Review and road test of the Mercedes-Benz Citan
MORE POINTS FOR THE STAR
The second generation version of Mercedes' Citan compact van might just be the image your company needs, thinks Jonathan Crouch
Ten Second Review of the Mercedes-Benz Citan
The Citan is Mercedes' idea of what a compact van should be. An LCV that in this second generation form is more than just practical and efficient to run but one with a depth of engineering and a sheen of quality that make the right statement about your business. Potentially then, the ideal recipe for a small business with big aspirations.
What might the Mercedes of small vans be like? Well, back in 2012, with the little Citan LCV, we had our answer. Except that it wasn't really a Mercedes but a Renault Kangoo with a fairly extreme makeover. As is this second generation model.
Unlike its rivals though, when Mercedes does badge engineering, the end result is more than just badge-changed. Like its predecessor, this MK2 Citan looks different from its Renault cousin outside, feels different inside and drives differently too, even though all the engines are the same. As before, there's a choice of short or long wheelbase models and a people carrying Tourer variant cells alongside the panel van that's our focus here.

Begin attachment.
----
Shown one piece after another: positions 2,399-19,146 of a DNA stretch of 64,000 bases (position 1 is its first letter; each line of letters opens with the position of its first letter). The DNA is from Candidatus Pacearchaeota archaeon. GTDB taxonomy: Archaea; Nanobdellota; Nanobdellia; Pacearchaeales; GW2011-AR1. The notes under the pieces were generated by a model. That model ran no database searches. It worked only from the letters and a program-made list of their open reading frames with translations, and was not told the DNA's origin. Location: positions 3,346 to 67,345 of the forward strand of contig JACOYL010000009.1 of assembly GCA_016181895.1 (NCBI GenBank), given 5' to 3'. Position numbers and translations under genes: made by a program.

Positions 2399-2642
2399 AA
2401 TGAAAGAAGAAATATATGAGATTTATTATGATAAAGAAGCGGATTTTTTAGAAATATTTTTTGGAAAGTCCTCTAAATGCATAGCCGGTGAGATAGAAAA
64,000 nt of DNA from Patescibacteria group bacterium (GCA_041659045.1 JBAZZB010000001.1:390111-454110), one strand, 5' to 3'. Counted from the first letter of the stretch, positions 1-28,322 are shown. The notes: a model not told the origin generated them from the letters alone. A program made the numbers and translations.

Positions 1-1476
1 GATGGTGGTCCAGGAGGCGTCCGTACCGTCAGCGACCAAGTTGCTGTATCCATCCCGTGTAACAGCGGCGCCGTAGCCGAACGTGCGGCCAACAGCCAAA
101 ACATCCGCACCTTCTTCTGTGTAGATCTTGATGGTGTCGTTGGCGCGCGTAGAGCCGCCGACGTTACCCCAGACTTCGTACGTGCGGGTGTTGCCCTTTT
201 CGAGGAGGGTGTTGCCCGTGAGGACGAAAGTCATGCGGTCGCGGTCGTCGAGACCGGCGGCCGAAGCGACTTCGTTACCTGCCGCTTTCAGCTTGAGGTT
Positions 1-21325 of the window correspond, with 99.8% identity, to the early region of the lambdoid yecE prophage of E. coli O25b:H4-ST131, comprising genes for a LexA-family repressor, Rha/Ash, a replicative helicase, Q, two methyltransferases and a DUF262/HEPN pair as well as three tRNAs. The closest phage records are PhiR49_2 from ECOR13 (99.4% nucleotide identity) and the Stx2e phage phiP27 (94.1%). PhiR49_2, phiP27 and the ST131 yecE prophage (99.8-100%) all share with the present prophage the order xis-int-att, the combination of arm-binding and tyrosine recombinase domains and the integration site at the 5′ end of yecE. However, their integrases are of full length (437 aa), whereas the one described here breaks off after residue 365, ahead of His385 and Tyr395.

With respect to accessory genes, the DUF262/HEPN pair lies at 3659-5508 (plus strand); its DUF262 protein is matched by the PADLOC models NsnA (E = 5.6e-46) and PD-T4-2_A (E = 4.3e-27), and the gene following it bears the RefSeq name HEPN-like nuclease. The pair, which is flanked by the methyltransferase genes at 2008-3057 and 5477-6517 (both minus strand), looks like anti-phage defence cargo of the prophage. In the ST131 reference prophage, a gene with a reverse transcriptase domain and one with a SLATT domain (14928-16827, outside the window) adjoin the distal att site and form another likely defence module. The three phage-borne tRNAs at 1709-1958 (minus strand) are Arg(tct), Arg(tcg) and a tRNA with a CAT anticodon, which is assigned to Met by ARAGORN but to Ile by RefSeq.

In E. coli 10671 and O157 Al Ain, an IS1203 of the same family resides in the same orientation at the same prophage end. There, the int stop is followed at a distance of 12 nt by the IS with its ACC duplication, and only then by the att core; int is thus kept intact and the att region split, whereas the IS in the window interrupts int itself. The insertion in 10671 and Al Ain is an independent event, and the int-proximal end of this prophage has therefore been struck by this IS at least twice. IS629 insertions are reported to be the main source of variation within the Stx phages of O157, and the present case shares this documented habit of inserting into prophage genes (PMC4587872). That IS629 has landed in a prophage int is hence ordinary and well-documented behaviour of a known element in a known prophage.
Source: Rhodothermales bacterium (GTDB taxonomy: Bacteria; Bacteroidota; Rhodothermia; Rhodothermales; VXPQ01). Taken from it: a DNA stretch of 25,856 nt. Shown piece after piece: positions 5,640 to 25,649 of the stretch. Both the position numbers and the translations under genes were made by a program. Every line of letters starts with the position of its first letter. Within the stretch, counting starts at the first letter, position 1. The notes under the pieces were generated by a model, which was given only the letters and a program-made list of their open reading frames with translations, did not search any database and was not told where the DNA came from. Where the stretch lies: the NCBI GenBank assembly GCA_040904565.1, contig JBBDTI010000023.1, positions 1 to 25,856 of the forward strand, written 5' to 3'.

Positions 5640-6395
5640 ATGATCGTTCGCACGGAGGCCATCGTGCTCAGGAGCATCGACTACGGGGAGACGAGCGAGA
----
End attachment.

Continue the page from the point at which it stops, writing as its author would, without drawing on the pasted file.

There's a choice of petrol and diesel engines, plus a full-Electric eCitan version for the first time - and not before time, given that the previous model could have offered an EV option but didn't. Most businesses will still want a diesel - there's a choice of 75, 95 and 116hp versions of the 1.5-litre Renault diesel familiar from before, respectively badged 108 CDi, 110 CDI and 112 CDI. The mid-range 110CDI variant most will probably choose takes a lethargic 15.5s to get to 62mph, but 260Nm of torque accessed through a 6-speed gearbox makes it nippy enough for urban use. Customers are also offered a 1.3 litre petrol engine with either 102 or 131hp (models respectively badged '110' and '113'). The standard transmission choice is primarily based around that 6-speed manual gearbox, but selected variants also offer the option of a 7-speed dual clutch auto. Obviously the full-Electric eCitan variant has to have an auto, which works with a 101hp electric motor and 44kWh battery with a range of 286 miles.